By David Pendered
The western segment of a highway proposal generally known as the Outer Perimeter is needed to handle freight traffic heading to and from the state port in Savannah, the executive director of the Georgia Ports Authority said Wednesday.
“I absolutely think it’s needed,” Curtis Foltz told the board that oversees the Georgia Regional Transportation Authority. Foltz’ comment came in response to questions after he delivered a routine ports update to GRTA.
Two GRTA board members pondered, after Foltz’ presentation, whether metro Atlanta’s highway system is able to accommodate ports-related freight traffic if cargo increases at forecast rates.
“Does there need to be a west-side loop around Atlanta,” Dick Anderson, GRTA’s vice chairman, asked Foltz.
Foltz’s response was reserved: “There have to be further efforts to address other transportation elements across the state.”
At this point, GRTA board member J.T. Williams joined in.
“Due to the port, trucks on the Downtown Connector will double in the next 10 years,” said Williams, who chairs GRTA’s Projects and Planning Committee.
“We can’t expand the Downtown Connector, but we can divert it,” Williams said.
Foltz responded that an additional bypass around metro Atlanta is needed to accommodate the expected increase in traffic to and from the Savannah port.
“I think it’s absolutely needed,” Foltz said.
“We’ve got a role to play up to this point – the shoulders have been trying to carry the load that’s on the picture,” Foltz said, pointing to a image of shipping tankers that illustrated his report on the ports’ work on the harbor-deepening project.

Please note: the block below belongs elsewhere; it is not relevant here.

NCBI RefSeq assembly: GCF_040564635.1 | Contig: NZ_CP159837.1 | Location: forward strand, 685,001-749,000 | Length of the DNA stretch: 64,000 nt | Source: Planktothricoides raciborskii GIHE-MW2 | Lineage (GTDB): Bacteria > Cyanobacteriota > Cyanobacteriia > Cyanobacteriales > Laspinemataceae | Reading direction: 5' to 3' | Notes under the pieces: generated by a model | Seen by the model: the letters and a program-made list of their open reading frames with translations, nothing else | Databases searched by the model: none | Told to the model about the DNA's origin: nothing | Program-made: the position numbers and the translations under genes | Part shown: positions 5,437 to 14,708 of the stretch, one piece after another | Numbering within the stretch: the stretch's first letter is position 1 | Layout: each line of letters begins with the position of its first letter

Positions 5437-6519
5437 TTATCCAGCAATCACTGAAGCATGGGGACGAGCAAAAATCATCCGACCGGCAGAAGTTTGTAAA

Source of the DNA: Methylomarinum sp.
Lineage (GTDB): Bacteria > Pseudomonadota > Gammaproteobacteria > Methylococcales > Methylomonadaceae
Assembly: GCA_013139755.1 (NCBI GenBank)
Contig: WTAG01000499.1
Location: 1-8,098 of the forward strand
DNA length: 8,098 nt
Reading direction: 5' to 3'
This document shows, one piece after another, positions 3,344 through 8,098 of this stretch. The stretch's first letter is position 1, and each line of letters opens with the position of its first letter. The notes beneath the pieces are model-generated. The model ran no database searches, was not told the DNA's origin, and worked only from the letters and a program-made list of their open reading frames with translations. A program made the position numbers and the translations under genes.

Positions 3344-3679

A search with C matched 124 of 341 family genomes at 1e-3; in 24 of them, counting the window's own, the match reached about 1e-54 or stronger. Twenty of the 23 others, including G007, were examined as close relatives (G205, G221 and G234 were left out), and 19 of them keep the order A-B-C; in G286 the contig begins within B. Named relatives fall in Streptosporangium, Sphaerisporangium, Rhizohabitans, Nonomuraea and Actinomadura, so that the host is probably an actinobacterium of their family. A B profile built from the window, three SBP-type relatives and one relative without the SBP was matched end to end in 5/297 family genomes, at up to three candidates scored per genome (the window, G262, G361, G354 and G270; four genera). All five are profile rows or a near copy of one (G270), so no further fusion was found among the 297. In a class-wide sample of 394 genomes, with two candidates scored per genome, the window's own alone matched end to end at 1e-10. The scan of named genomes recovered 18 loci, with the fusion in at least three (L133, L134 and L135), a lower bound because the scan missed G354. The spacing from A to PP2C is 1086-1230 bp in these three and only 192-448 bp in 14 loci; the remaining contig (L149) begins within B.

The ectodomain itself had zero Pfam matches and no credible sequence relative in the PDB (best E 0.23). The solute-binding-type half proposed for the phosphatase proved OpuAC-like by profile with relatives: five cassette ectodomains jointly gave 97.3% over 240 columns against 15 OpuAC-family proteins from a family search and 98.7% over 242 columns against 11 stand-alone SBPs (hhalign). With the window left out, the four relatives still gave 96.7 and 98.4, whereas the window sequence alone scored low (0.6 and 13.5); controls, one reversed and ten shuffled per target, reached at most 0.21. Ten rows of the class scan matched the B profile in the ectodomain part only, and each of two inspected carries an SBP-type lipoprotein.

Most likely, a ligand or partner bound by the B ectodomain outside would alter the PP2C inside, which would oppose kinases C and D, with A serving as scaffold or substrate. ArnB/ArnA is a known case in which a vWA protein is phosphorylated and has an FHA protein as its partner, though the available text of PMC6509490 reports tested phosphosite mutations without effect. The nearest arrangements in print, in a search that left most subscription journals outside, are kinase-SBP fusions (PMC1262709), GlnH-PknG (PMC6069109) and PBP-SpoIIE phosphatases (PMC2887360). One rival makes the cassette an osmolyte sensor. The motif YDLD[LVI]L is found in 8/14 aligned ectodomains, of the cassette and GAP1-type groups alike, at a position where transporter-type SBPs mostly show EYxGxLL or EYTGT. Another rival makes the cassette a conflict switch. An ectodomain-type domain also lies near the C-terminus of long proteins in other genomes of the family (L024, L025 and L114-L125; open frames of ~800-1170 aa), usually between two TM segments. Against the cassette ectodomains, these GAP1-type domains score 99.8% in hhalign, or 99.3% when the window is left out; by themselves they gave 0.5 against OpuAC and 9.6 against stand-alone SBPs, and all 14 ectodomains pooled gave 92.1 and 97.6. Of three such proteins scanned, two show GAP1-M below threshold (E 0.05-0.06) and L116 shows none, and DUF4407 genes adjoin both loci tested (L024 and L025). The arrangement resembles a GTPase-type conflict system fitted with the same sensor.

“I think what you said needs to happen,” Foltz said. “That, in conjunction with a couple of rail solutions, sets us up very well for the future.”
The Outer Perimeter is a lightening rod for critics of metro Atlanta’s sprawling development patterns. It has taken various forms over the years. The west leg is intended to provide a bypass for truck traffic traveling between the Midwest, and Savannah and Florida.
Advocates say the road would remove trucks that otherwise use the choked I-285 and Downtown Connector to travel through the region.
Critics say the road would open up more of Georgia’s rural countryside to development.
The proposed Outer Loop factored into the July 31 referendum on the proposed transportation sales tax in metro Atlanta. Voters rejected the tax in metro Atlanta, and also in eight other districts across the state.
The Sierra Club of Georgia opposed the proposed tax partly on grounds that one project it would have funded was almost identical to a segment of the proposed Outer Perimeter. Colleen Kiernan, the Sierra Club’s executive director in Georgia, could not be reached for immediate comment.
However, there has been no push-back to a report released in January that called for improving the state’s freight handling roads and rails.
The report outlined from $18 billion to $20 billion in needed upgrades. About $500 million worth of projects on that list would have been funded if voters throughout the state had approved the proposed transportation sales tax.
Foltz’ responses to Anderson’s initial question about the possible need for a western bypass around metro Atlanta underscored the broader issues of Georgia’s freight handling abilities.
In his presentation, Foltz had highlighted the attention paid by the ports authority to providing good access to the ports from both I-16 and I-95.
“I think that with the last-mile projects, with us working on the deepening, that end of the funnel is addressed,” Foltz said before turning to the issue of transport through North Georgia.
“There have to be further efforts to address other transportation elements across the state,” Foltz said. “Rail is going to play an increasing role. There needs to be a broader rail solution in the state of Georgia.”